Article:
has been closely tied to working with Sellafield Ltd. The group has conducted a number of studies
to assist with specific hydrogen issues and address gaps in existing knowledge. In particular the
group has conducted research into the ignition of hydrogen in air by a range of mechanical
stimuli, suppression of hydrogen in air explosions using fine water mists and chemical additives
and characterising hydrogen release and dispersion behavior. The group has recently joined with
Sellafield Ltd in a long-term partnership agreement to provide the scientific advice to their Centre
of Expertise on Flammable Gases.
Sellafield Ltd
Sellafield Ltd is the company responsible for safely delivering decommissioning of the UK’s
nuclear legacy as well as fuel recycling and the management of low, high and intermediate level
nuclear waste activities on behalf of the Nuclear Decommissioning Authority. The Company has
its main operational site at Sellafield in West Cumbria and engineering, design and functional
support capabilities at the Risley office, near Warrington.
The Sellafield site has been operational since the 1940s, when it was used as a Royal Ordinance
Factory. In September 1947, the site was announced as the new atomic energy site and work
began on the construction of the Windscale Piles with its two air cooled reactors. By March 1952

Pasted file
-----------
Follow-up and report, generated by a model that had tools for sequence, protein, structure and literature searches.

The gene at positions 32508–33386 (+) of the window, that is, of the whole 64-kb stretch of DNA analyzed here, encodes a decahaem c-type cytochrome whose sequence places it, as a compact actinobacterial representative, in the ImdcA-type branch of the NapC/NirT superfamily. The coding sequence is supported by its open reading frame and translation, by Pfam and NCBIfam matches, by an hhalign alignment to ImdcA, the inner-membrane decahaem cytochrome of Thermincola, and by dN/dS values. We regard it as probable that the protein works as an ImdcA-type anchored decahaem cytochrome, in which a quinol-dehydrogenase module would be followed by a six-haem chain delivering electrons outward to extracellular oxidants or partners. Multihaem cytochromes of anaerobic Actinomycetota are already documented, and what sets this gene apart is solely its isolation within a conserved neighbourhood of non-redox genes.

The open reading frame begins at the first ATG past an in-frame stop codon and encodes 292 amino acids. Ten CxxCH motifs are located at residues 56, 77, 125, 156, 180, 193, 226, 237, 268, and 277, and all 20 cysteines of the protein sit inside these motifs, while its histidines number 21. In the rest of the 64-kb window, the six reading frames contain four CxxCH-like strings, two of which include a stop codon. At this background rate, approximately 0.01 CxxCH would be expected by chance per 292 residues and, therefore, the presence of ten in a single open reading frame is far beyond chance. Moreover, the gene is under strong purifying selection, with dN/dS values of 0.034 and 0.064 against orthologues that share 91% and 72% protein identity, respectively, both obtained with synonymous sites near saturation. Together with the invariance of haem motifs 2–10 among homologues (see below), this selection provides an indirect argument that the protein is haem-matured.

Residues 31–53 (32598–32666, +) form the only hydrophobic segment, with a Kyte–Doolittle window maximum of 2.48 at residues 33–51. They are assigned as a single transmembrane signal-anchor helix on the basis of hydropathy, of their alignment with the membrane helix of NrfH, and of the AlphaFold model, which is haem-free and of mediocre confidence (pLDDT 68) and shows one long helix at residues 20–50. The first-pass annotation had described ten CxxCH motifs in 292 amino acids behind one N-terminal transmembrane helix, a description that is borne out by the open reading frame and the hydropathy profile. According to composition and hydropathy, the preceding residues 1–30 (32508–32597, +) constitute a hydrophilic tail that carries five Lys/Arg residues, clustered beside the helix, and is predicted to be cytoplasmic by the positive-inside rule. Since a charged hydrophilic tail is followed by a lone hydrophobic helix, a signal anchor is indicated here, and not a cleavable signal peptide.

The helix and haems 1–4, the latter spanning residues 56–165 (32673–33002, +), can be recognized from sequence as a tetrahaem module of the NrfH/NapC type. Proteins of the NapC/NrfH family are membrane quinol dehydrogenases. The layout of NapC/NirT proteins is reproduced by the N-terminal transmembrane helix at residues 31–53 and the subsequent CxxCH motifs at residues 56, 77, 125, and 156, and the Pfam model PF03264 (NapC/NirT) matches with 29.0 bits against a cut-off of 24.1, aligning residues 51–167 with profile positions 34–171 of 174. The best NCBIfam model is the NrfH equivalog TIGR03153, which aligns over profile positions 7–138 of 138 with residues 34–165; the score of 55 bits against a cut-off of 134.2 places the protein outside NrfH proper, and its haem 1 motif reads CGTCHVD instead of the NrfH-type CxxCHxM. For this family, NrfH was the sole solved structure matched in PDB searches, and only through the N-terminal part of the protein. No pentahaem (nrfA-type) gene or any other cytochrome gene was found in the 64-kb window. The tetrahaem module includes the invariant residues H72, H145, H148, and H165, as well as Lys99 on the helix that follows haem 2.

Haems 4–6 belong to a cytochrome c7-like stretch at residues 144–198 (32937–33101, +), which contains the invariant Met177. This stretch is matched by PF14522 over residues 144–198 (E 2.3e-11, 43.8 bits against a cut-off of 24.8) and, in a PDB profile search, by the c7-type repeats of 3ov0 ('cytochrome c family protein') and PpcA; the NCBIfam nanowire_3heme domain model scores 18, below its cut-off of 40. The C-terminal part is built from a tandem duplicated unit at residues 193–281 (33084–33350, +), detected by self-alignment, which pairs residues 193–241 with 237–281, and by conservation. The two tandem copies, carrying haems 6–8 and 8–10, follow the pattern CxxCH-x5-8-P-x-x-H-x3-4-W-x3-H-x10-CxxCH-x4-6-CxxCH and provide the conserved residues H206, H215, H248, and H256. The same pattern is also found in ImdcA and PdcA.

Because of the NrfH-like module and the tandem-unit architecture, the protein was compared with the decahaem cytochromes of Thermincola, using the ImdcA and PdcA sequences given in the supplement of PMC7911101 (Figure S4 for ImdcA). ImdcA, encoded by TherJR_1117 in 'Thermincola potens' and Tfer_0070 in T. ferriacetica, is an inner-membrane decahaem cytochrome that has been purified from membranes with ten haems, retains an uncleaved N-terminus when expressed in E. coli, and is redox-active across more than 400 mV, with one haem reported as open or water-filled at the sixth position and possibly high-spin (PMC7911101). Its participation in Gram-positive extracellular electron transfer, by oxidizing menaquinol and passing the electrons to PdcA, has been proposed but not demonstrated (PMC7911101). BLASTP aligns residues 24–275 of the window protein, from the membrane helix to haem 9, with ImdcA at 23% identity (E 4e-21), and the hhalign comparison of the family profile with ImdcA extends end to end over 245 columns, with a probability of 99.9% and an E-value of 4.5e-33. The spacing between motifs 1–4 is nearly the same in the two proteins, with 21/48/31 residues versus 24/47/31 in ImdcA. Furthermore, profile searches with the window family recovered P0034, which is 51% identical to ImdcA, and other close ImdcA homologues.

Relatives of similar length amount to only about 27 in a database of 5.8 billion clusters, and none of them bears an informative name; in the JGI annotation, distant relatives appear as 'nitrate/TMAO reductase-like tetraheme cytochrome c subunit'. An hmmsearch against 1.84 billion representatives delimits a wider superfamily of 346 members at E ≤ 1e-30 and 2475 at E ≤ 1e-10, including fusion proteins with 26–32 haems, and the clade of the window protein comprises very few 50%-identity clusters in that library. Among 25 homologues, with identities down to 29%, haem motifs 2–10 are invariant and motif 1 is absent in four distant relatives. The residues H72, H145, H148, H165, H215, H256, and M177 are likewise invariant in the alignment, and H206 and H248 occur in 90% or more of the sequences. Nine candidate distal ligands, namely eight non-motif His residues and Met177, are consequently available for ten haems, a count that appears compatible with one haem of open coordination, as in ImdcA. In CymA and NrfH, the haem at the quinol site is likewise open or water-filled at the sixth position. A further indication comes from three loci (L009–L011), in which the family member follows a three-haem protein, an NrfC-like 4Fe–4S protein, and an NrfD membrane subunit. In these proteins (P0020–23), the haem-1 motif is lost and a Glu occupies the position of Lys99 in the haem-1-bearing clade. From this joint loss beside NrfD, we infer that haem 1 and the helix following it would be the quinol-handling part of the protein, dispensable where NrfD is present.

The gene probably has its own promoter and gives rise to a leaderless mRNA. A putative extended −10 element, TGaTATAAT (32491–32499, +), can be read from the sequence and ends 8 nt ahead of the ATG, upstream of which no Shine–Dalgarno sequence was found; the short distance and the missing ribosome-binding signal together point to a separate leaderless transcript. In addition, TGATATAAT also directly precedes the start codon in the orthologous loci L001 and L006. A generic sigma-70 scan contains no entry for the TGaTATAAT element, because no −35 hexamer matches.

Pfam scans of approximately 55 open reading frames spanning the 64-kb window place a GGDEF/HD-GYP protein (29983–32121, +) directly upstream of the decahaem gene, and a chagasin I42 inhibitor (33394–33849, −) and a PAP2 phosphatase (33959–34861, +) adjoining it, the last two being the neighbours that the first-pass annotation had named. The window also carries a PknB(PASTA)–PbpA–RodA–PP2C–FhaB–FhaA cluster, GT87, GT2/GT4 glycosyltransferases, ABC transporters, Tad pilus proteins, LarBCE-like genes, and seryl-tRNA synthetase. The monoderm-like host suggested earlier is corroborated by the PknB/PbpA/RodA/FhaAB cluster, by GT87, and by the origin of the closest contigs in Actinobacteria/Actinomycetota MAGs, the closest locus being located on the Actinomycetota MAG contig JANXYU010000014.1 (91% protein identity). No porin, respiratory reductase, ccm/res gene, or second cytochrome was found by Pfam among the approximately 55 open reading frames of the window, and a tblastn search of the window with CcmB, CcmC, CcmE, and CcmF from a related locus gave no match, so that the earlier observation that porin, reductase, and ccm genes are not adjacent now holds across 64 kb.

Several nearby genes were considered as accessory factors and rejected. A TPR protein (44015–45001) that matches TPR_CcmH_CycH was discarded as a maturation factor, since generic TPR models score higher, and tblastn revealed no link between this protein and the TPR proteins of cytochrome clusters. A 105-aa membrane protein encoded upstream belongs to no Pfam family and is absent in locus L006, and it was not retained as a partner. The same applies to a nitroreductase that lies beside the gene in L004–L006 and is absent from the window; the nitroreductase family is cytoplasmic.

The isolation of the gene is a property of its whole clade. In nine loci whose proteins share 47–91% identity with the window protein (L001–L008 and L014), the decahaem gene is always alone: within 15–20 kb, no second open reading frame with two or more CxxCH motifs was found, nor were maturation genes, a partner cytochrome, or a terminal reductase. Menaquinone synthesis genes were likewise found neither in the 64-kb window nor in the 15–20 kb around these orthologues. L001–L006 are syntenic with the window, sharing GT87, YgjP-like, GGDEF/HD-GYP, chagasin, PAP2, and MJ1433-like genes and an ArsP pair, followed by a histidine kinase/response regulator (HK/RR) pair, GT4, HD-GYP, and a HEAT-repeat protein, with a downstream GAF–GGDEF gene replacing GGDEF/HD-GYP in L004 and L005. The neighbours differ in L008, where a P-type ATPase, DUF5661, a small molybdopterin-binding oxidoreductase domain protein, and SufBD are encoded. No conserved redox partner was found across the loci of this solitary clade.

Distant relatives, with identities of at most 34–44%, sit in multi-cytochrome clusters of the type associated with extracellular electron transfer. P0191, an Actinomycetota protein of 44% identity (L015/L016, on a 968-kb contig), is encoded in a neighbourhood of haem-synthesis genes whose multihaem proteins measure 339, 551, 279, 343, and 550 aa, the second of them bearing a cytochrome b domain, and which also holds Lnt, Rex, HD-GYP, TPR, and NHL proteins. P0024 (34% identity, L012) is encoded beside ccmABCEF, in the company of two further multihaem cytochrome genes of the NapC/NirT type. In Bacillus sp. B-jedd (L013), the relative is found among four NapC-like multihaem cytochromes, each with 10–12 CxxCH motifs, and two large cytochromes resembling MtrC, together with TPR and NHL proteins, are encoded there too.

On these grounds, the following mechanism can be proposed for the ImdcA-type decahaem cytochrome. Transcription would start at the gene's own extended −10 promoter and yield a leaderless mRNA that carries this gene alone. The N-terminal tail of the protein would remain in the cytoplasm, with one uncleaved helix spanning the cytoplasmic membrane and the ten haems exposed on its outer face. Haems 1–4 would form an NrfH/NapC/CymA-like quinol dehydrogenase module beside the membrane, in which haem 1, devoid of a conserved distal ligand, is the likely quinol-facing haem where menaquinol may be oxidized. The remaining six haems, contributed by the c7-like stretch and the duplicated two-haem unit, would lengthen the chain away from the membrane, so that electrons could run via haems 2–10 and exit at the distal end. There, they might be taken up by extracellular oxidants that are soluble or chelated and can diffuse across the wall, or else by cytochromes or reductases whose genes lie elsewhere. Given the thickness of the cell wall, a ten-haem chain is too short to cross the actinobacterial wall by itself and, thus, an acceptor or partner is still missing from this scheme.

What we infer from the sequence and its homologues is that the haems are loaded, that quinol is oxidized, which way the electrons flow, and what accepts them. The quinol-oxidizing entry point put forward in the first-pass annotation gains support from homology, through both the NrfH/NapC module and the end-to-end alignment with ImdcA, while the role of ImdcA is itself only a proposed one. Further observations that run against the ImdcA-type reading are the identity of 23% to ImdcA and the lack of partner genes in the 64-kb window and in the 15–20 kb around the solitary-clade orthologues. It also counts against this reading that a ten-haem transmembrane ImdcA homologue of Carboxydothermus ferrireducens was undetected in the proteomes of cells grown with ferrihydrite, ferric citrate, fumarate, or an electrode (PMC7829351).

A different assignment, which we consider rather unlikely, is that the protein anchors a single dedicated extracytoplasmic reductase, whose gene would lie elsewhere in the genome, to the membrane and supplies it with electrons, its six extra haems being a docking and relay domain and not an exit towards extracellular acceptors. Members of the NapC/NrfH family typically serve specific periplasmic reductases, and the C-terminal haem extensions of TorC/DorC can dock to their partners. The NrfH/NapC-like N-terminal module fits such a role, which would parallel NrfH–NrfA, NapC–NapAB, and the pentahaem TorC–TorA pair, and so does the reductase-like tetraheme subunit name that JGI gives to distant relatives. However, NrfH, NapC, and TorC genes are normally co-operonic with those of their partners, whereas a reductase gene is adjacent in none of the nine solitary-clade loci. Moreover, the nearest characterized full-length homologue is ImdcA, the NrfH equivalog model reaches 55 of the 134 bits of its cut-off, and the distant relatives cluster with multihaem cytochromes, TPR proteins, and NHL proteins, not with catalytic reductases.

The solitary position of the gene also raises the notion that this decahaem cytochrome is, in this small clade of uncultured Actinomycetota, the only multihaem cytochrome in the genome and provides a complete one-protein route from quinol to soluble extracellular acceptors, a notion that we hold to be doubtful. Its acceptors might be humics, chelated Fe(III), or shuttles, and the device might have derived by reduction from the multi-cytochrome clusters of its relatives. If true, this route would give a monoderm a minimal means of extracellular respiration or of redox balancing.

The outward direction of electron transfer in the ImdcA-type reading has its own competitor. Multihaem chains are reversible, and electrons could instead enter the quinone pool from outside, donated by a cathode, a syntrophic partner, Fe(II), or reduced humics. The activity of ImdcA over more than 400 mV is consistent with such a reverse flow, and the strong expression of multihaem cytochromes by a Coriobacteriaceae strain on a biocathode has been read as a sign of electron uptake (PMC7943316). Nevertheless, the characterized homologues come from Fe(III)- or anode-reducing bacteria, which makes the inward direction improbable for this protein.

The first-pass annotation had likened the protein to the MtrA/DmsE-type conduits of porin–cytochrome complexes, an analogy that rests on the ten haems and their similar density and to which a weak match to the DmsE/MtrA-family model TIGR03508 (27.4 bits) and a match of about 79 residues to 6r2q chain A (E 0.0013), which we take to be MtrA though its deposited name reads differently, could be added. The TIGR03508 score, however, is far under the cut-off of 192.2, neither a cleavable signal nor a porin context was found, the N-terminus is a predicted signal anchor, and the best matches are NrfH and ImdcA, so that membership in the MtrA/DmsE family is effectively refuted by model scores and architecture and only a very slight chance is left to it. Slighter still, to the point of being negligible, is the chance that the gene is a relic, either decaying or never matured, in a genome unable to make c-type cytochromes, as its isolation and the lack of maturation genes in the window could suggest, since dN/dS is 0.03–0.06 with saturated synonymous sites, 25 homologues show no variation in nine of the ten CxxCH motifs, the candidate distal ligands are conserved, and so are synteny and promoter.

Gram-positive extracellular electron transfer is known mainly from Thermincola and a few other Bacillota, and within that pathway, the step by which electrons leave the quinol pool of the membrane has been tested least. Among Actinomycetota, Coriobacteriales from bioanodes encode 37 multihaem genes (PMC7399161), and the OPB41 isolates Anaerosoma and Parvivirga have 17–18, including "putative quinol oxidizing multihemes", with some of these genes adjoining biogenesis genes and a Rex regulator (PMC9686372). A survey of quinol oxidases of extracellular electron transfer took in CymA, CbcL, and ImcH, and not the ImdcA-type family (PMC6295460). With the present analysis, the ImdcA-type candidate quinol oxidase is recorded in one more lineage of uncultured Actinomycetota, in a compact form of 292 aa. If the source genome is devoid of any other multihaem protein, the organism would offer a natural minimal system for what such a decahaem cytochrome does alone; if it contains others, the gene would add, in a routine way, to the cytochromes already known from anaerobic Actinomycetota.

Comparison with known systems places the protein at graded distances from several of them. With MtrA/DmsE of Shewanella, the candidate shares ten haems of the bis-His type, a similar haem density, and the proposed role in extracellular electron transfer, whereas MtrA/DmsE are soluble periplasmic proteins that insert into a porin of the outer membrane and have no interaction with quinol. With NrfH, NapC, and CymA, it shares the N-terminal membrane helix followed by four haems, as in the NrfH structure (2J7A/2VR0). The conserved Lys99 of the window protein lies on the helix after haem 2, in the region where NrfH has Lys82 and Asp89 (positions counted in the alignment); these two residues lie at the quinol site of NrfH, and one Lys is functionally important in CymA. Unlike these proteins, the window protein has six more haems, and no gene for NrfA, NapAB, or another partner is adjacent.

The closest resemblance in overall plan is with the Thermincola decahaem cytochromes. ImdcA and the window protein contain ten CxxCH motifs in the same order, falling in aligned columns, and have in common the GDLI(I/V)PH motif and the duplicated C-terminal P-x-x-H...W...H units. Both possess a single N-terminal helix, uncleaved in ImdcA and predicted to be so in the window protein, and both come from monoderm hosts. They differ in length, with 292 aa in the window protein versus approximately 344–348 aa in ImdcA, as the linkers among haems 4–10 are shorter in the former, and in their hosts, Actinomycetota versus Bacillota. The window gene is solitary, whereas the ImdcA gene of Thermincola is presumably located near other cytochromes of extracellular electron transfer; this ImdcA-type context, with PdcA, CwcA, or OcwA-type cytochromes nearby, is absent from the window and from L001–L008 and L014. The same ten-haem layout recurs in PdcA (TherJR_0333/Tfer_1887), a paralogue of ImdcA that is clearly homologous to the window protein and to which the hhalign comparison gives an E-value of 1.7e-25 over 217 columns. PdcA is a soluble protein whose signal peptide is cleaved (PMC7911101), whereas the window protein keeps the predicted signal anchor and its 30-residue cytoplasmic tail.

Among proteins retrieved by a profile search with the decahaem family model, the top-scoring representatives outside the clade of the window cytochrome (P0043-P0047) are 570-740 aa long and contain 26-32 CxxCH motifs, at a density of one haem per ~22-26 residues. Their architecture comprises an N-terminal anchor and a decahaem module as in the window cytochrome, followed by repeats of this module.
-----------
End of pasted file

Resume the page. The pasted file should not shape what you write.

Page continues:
the Windscale reactors were in operation producing plutonium and in the same year the first
active operation of a plant to separate uranium and plutonium from the used fuel from the
reactors became operational.
In 1952 the decision was made to build a commercial sized nuclear power station and
construction of the power station commenced in 1953 and only four years later on 17 October
1956, Her Majesty the Queen opened Reactor 1 at Calder Hall. Three more reactors followed
and they successfully operated until 2003, after nearly 46 years of electricity generation.
In the mid 1950’s the commercial opportunities were recognised for the sale of nuclear reactors,
fuel enrichment, fuel manufacture and irradiated fuel re-processing. These became the mainstay
of activities within the Company over the coming decades
From the 1990s onwards Sellafield began constructing a comprehensive suite of waste
management facilities to treat and dispose of the waste arisings from the commercial and
decommissioning operations of reprocessing. The Magnox Encapsulation Plant (MEP) became
operational and still deals with the encapsulation of Intermediate Level Waste today, along with
the Waste Encapsulation Plant (WEP). More recently the new High Level Waste Vitrification